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Revision as of 15:53, 17 October 2006
We meet Fridays 12-1 in the ChemE lounge on the second floor of building 66.
Email Sabrina if you'd like to be added to the weekly email list (spencers[at]mit[dot]edu).
Currently on the email list: albeck, burkey, sontag, sgaudet, breea, m_palmer, bcosgrov, xero, bbk, bpando, stpierre, taff, slcarter, millard, sturaga, firstname.lastname@example.org
Next papers for 10-20-06
There are three imaging papers listed here, but they are only ~3 pages each, so don't worry!
Rust, M. J., M. Bates, et al. (2006). "Sub-diffraction-limit imaging by stochastic optical reconstruction microscopy (STORM)." Nat Meth 3(10): 793-796.
We have developed a high-resolution fluorescence microscopy method based on high-accuracy localization of photoswitchable fluorophores. In each imaging cycle, only a fraction of the fluorophores were turned on, allowing their positions to be determined with nanometer accuracy. The fluorophore positions obtained from a series of imaging cycles were used to reconstruct the overall image. We demonstrated an imaging resolution of 20 nm. This technique can, in principle, reach molecular-scale resolution.
Betzig, E., et al., Imaging Intracellular Fluorescent Proteins at Nanometer Resolution. Science, 2006. 313(5793): p. 1642-1645.
We introduce a method for optically imaging intracellular proteins at nanometer spatial resolution. Numerous sparse subsets of photoactivatable fluorescent protein molecules were activated, localized (to ~2 to 25 nanometers), and then bleached. The aggregate position information from all subsets was then assembled into a superresolution image. We used this method—termed photoactivated localization microscopy—to image specific target proteins in thin sections of lysosomes and mitochondria; in fixed whole cells, we imaged vinculin at focal adhesions, actin within a lamellipodium, and the distribution of the retroviral protein Gag at the plasma membrane.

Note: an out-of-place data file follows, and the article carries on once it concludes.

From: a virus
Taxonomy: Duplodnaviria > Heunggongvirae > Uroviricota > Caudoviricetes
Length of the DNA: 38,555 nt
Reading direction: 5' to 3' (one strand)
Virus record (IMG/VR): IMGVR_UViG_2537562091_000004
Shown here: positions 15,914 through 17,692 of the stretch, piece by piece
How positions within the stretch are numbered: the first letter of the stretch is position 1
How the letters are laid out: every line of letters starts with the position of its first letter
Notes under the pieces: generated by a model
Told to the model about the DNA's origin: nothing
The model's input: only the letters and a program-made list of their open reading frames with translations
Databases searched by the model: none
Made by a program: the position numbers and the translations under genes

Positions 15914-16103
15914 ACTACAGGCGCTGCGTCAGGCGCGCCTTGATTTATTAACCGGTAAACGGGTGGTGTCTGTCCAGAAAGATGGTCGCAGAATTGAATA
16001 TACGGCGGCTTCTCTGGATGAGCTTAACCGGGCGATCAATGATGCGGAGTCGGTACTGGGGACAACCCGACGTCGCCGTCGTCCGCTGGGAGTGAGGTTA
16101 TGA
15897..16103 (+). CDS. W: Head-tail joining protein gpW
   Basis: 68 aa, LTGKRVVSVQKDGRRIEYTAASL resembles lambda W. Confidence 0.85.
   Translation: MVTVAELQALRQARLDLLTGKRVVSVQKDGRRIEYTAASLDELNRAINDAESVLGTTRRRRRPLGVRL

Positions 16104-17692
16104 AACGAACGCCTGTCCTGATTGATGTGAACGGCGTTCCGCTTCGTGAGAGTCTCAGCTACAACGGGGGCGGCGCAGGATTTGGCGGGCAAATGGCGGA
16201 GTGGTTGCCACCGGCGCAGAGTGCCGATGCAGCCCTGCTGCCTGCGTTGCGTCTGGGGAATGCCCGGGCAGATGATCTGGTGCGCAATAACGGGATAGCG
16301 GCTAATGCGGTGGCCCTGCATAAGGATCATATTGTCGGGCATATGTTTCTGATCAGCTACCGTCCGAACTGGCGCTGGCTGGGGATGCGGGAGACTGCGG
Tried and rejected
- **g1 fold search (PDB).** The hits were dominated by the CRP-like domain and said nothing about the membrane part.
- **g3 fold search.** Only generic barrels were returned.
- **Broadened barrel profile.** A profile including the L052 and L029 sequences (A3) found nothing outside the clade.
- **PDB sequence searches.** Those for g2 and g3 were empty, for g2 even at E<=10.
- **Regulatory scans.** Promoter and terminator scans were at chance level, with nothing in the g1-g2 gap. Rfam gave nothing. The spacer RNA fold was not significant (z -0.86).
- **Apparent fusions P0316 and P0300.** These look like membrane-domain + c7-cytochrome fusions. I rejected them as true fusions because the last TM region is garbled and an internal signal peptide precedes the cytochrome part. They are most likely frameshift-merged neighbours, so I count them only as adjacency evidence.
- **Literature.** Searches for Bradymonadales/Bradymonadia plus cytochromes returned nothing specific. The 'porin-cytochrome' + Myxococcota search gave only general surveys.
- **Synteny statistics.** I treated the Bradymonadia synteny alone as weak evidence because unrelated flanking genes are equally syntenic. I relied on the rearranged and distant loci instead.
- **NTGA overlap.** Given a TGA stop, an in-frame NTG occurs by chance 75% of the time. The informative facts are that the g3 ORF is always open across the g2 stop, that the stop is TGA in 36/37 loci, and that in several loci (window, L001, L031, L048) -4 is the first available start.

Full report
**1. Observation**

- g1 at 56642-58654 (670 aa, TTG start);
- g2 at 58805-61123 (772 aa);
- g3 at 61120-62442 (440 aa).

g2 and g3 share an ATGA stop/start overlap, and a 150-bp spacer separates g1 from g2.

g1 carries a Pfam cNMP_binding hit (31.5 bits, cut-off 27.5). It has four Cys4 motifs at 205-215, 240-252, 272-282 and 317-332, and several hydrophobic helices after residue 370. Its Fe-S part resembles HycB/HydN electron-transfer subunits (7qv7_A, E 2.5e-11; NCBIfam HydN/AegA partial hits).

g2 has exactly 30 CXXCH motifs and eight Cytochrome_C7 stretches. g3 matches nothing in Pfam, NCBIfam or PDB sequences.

Willig, K.I., Kellner, R.R., Medda, R., Hein, B., Jakobs, S., Hell, S.W. (2006). "Nanoscale resolution in GFP-based microscopy." Nat Meth 3(9): 721-723.
We report attainment of subdiffraction resolution using stimulated emission depletion (STED) microscopy with GFP-labeled samples. The approximately 70 nm lateral resolution attained in this study is demonstrated by imaging GFP-labeled viruses and the endoplasmic reticulum (ER) of a mammalian cell. Our results mark the advent of nanoscale biological microscopy with genetically encoded markers.
In the queue:
10/27/06 - Legewie, S., N. Bluthgen, et al.
Acar, M., A. Becskei, et al. (2005). "Enhancement of cellular memory by reducing stochastic transitions." Nature 435(7039): 228-32.
On induction of cell differentiation, distinct cell phenotypes are encoded by complex genetic networks. These networks can prevent the reversion of established phenotypes even in the presence of significant fluctuations. Here we explore the key parameters that determine the stability of cellular memory by using the yeast galactose-signalling network as a model system. This network contains multiple nested feedback loops. Of the two positive feedback loops, only the loop mediated by the cytoplasmic signal transducer Gal3p is able to generate two stable expression states with a persistent memory of previous galactose consumption states. The parallel loop mediated by the galactose transporter Gal2p only increases the expression difference between the two states. A negative feedback through the inhibitor Gal80p reduces the strength of the core positive feedback. Despite this, a constitutive increase in the Gal80p concentration tunes the system from having destabilized memory to having persistent memory. A model reveals that fluctuations are trapped more efficiently at higher Gal80p concentrations. Indeed, the rate at which single cells randomly switch back and forth between expression states was reduced. These observations provide a quantitative understanding of the stability and reversibility of cellular differentiation states.
Austin, D. W., M. S. Allen, et al. (2006). "Gene network shaping of inherent noise spectra." Nature 439(7076): 608-11.